-1

The query:

select year,sum(mark),sum(maxmark) 
from table1 
group by parameterno

yields an error message:

Column 'table1.year' is invalid in the select list because it is not contained in either an aggregate function or the GROUP BY clause.

closed as off-topic by Michael Green, RLF, James Anderson, mustaccio, Tom V - Team Monica Jun 18 '16 at 20:40

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8

You can not select aggregates across a field if you don't include the field in the group by list.

If you want the totals per year you should write

SELECT year,sum(mark),sum(maxmark) 
FROM table1 
GROUP BY year

If you want the totals per parameterno it should be

SELECT parameterno,sum(mark),sum(maxmark) 
FROM table1 
GROUP BY parameterno

From the error message I guess you're using SQL Server so have a look at the documentation

9

It is not clear to me what you are asking but I believe that GROUP BY is one of the most misunderstood concepts in SQL, so I'll add this answer anyhow. It may or may not help with the understanding of the concept GROUP BY. Assume we have a table like:

CREATE TABLE T
( YEAR INT NOT NULL
, PARAMETERNO INT NOT NULL
, MARK INT NOT NULL
, PRIMARY KEY (YEAR, PARAMETERNO) );

INSERT INTO T ( YEAR, PARAMETERNO, MARK )
VALUES (2014,1,10),(2014,2,20),(2015,1,15),(2015,2,25);

What would:

SELECT YEAR, SUM(MARK)
FROM T
GROUP BY PARAMETERNO

mean? Grouping by PARAMETERNO means we have two groups

1    2014    10
     2015    20
2    2014    15
     2015    25

that we apply the aggregate function SUM on, but how does YEAR come in to play? This could mean:

     2014    30  -- 10+20 in group 1
     2015    30
     2014    40  -- 15+25 in group 2
     2015    40

but this is hardly a useful result? Another possibility is to randomly pick one row from each group, like:

     2014    30  -- 10+20 in group 1
     2015    40  -- 15+25 in group 2

The results are unpredictable and you may get different result for the same data/query.

SQL92 requires that all columns in the SELECT CLAUSE is part of the GROUP BY CLAUSE, so if we want:

SELECT YEAR, SUM(MARK)
FROM T

we would have to add at least YEAR to the GROUP BY:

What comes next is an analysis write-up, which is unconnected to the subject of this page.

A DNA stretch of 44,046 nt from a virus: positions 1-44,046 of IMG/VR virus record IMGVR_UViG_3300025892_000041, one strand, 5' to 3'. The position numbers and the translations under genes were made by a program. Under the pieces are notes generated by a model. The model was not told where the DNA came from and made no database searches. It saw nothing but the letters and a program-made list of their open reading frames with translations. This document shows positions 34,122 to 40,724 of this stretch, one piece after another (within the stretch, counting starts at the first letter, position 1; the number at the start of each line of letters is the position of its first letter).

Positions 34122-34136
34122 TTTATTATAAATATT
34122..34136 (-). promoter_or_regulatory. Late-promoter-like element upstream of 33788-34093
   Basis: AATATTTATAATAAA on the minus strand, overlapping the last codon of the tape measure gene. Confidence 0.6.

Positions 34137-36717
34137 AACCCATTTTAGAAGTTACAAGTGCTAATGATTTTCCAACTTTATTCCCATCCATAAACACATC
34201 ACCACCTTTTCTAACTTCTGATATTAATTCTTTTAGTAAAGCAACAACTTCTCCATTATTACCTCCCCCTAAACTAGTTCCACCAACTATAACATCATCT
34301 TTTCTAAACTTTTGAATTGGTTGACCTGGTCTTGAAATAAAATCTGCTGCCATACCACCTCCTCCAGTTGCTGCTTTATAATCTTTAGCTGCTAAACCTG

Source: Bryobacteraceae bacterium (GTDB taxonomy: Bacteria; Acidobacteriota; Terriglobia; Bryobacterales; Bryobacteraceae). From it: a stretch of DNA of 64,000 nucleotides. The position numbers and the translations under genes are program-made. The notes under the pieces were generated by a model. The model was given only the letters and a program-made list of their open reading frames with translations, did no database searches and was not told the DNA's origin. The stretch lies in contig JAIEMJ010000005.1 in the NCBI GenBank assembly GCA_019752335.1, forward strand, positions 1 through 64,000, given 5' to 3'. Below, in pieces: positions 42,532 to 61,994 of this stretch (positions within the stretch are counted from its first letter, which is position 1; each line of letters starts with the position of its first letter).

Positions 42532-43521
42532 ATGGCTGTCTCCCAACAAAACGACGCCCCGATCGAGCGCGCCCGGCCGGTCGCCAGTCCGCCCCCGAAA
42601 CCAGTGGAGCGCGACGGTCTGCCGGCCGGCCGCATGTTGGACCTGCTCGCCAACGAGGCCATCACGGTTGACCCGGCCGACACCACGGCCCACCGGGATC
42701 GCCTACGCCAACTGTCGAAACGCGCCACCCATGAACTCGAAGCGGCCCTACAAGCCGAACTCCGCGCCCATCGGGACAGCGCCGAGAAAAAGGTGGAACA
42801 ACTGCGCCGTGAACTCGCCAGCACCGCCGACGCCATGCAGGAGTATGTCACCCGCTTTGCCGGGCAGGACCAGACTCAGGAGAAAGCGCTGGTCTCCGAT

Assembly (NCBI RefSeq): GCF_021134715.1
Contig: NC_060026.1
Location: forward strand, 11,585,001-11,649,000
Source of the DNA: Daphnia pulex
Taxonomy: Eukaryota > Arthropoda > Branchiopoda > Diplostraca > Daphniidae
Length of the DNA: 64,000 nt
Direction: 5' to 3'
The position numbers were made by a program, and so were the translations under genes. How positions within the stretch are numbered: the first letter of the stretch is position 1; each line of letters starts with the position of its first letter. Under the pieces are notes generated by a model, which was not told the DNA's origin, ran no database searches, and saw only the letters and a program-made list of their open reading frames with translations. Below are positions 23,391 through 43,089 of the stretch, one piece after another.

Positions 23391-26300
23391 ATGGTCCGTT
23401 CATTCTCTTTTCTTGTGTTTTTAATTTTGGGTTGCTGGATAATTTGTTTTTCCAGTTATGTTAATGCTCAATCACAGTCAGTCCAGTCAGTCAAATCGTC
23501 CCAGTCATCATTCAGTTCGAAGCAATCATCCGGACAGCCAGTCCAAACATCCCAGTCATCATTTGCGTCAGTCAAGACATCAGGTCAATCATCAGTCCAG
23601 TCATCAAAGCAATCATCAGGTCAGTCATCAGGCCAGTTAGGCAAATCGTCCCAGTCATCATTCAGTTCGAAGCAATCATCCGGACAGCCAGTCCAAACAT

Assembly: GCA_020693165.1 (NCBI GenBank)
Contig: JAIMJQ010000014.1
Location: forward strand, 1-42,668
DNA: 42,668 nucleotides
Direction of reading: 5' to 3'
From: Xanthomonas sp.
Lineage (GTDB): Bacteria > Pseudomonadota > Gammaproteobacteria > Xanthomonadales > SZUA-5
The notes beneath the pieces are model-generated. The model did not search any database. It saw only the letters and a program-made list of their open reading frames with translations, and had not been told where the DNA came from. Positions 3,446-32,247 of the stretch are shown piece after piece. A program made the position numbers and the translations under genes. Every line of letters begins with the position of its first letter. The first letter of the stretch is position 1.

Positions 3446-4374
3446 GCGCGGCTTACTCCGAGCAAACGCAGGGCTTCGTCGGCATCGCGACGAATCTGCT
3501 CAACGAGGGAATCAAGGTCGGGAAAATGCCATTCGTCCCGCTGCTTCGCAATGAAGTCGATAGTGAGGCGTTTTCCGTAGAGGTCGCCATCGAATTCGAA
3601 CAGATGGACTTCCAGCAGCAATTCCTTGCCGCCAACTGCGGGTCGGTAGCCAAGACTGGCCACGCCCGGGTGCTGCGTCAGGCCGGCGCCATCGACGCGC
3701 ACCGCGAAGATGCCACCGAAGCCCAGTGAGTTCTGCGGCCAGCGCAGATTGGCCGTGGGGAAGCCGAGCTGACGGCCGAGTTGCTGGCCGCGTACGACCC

SELECT YEAR, SUM(MARK)
FROM T
GROUP BY YEAR 

(it is possible to add other columns, not very common though). The result:

     2014    25 -- 10+15 in group 2014
     2015    45 -- 20+25 in group 2015

SQL99 loosens this restriction and requires that all columns in the SELECT clause is functionally determined by the GROUP BY clause (not the data per se, but the declared constraints). In a trivial case with one table it means that if the GROUP BY clause uniquely identifies a row we can add any column we want to the SELECT clause. Example:

CREATE TABLE T
( YEAR INT NOT NULL
, PARAMETERNO INT NOT NULL
, MARK INT NOT NULL
, PRIMARY KEY (YEAR) );

INSERT INTO T ( YEAR, PARAMETERNO, MARK )
VALUES (2014,1,10),(2015,2,20),(2016,1,15),(2017,2,25);

Now, beacause PARAMETERNO is functionally determined by YEAR a query like:

SELECT YEAR, PARAMETERNO, SUM(MARK)
FROM T
GROUP BY YEAR 

would be valid. AFAIK know recent versions of PostgreSQL and MySQL are the only ones that implements the SQL99 version of GROUP BY.

A trick for those DBMS that don't implement the SQL99 version is to apply an aggregate to those columns:

SELECT YEAR, MAX(PARAMETERNO), SUM(MARK)
FROM T
GROUP BY YEAR 

Since there is only one PARAMETERNO per YEAR, the result is the same.

MySQL historically allowed you to violate the SQL92 as well as the SQL99 GROUP BY rule, unless you specified ONLY_FULL_GROUP_BY in @@sql_mode. This may lead to un-deterministic results, and has caused much confusion in forums such as this one over the years. I personally always set @@sql_mode to ONLY_FULL_GROUP_BY when using older MySQL version than the latest (which I havent tried).

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